Skin Picking Disorder (Excoriation)

Many people pick at their skin once in a while, but sometimes it crosses the line into a condition called skin picking disorder (excoriation).

When this happens, picking at the skin -- for example, picking a scab or the skin around your nails -- can become so frequent and intense that it causes bleeding, sores, and scars.

Some people with this disorder repeatedly scratch to try to remove what they see as some kind of imperfection in their skin.

What Are the Signs of Skin Picking Disorder?

It's hard to say exactly when skin picking changes from a mild, nervous habit to a serious problem that needs treatment. It may help to ask the following questions:

  • Does picking at your skin take up a lot of time during the day?
  • Do you have noticeable scars from skin picking?
  • Do you feel upset when you think about how much you pick your skin?
  • Does picking at your skin get in the way of your social or professional life? For example, do you avoid the beach or the gym because people might see your scars? Or do you spend a lot of time covering up sores before work or social events?

How Does Skin Picking Disorder Develop?

Skin picking disorder happens in both children and adults. It can begin at almost any age.

Skin picking disorder often develops in one of two ways:

After some kind of rash, skin infection, or small injury. You may pick at the scab or rash, which causes more injury to the skin and keeps the wound from healing. More itching leads to more picking and more scabbing, and the cycle continues.

During a time of stress. You may absently pick at a scab or the skin around your nails and find that the repetitive action helps to relieve stress. It then becomes a habit.

Skin picking disorder is considered a type of repetitive "self-grooming" behavior called "Body-Focused Repetitive Behavior"(BFRB). Other types of BFRBs include pulling or picking of the hair or nails that damages the body.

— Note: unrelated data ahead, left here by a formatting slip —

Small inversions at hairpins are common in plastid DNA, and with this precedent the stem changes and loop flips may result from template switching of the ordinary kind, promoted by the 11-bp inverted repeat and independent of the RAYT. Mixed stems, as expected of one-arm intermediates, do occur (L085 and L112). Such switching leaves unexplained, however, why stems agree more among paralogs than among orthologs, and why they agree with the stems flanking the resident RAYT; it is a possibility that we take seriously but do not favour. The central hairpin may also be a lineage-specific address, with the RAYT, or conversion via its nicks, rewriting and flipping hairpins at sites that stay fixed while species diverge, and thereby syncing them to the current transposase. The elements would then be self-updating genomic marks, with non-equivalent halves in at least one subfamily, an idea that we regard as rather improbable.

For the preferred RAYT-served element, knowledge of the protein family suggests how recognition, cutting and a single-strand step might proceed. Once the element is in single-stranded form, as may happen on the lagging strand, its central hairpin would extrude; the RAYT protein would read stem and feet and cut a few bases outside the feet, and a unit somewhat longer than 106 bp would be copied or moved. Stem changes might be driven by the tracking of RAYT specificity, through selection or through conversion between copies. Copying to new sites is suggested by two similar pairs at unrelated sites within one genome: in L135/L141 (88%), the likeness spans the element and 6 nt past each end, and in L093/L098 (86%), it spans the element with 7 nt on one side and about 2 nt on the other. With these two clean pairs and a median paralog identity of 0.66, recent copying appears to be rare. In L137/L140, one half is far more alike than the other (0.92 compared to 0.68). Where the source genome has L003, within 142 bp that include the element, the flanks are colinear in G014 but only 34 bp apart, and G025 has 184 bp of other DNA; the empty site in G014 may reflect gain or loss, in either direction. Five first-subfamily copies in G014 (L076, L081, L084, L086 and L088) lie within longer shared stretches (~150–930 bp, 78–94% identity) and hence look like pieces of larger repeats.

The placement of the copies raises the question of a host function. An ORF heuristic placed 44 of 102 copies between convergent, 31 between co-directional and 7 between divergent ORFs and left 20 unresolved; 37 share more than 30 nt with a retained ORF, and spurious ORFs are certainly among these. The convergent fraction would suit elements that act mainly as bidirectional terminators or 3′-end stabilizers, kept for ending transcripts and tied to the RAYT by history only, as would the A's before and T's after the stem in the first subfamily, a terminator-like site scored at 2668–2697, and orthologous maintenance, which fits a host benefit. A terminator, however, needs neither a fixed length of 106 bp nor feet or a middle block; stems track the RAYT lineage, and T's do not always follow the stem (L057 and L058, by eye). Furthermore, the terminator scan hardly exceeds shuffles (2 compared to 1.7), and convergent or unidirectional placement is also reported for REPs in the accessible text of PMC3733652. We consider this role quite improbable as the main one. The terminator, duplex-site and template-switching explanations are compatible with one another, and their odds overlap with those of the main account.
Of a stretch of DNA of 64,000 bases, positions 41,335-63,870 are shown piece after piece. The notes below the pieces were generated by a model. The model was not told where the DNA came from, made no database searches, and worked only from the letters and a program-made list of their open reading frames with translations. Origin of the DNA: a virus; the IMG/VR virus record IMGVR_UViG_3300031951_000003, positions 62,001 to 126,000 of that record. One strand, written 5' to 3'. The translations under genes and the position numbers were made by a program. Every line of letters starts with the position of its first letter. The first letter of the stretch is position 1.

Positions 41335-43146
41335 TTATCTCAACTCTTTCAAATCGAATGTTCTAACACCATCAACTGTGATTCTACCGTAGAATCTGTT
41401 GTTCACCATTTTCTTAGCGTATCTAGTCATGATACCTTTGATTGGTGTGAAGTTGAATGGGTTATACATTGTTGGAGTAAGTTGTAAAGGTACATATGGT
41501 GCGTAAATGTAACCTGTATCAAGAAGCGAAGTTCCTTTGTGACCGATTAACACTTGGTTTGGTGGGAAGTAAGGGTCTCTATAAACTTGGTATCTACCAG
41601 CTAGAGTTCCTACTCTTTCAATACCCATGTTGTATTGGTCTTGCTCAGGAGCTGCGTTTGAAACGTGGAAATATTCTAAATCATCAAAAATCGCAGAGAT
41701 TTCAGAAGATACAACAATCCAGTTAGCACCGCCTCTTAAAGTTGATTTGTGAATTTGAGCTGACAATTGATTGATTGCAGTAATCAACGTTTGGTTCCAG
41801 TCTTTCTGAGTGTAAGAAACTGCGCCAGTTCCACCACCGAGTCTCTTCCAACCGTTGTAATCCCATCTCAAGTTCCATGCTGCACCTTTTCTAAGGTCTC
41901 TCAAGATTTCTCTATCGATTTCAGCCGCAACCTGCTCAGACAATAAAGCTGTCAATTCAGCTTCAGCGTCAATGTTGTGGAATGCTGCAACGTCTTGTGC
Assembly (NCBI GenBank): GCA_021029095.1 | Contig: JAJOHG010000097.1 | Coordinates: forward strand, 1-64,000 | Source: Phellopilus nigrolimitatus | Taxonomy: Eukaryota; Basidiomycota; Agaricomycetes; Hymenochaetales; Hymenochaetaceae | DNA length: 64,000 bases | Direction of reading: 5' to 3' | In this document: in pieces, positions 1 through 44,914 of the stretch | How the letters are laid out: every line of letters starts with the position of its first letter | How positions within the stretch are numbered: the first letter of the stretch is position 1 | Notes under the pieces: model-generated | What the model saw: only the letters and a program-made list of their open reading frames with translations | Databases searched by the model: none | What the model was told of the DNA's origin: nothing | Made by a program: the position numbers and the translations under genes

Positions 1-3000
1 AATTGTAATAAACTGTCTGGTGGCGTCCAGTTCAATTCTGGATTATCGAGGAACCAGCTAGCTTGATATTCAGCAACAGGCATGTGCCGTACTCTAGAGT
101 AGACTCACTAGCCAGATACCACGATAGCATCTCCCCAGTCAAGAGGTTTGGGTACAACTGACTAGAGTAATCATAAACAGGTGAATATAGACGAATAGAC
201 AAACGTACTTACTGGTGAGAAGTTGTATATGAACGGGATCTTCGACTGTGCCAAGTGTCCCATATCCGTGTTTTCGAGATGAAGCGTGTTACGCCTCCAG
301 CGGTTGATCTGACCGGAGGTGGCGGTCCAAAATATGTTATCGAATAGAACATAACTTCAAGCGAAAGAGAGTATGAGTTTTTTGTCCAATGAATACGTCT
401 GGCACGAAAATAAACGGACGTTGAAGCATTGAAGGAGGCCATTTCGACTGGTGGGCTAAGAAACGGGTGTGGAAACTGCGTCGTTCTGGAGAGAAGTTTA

It is also sometimes classified as a type of obsessive compulsive disorder because of the compulsive urge to perform repetitive behaviors.

Continued

Treatment

Skin picking disorder is treated with therapy and medications.

There are two main kinds of therapy for skin picking:

Habit reversal training. The therapist helps you identify the situations, stresses, and other factors that trigger the skin picking. Then your therapist will help you find other things to do instead of skin picking, such as squeezing a rubber ball. This will help ease stress and occupy your hands.

Stimulus control. This therapy involves making changes to your environment to help curb skin picking. For example, you might try wearing gloves or Band-Aids to help prevent feeling the skin and getting the urge to pick. Or you might cover mirrors if seeing facial blemishes or pimples brings on picking behavior.

Some psychiatric medications are occasionally used to treat skin picking disorder, but none are FDA-approved or well-established for this purpose. SSRIs (selective serotonin reuptake inhibitors) such as Prozac are the best-studied class of medicines for skin picking.

Early studies also have begun to examine the possible value of some anticonvulsant medicines, such as Lamictal (lamotrigine).

If you think you have skin picking disorder, it may be hard to find a doctor who is experienced with this kind of issue. The Trichotillomania Learning Center keeps a list of professionals who are trained in therapy for BFRBs. If there is no one on the list near you, you can also look for a therapist who treats obsessive-compulsive disorder. They are often trained in similar types of treatment.

It is also a good idea to see your primary care doctor or a dermatologist about any skin lesions, wounds, or scars caused by the repetitive picking.

WebMD Medical Reference Reviewed by Smitha Bhandari, MD on February 24, 2016

Sources

SOURCES:

Trichotillomania Learning Center: "Skin Picking Disorder: Frequently Asked Questions" and "Expert Consensus Treatment Guidelines."

International OCD Foundation: "Skin Picking Disorder Fact Sheet."

© 2016 WebMD, LLC. All rights reserved.

Pagination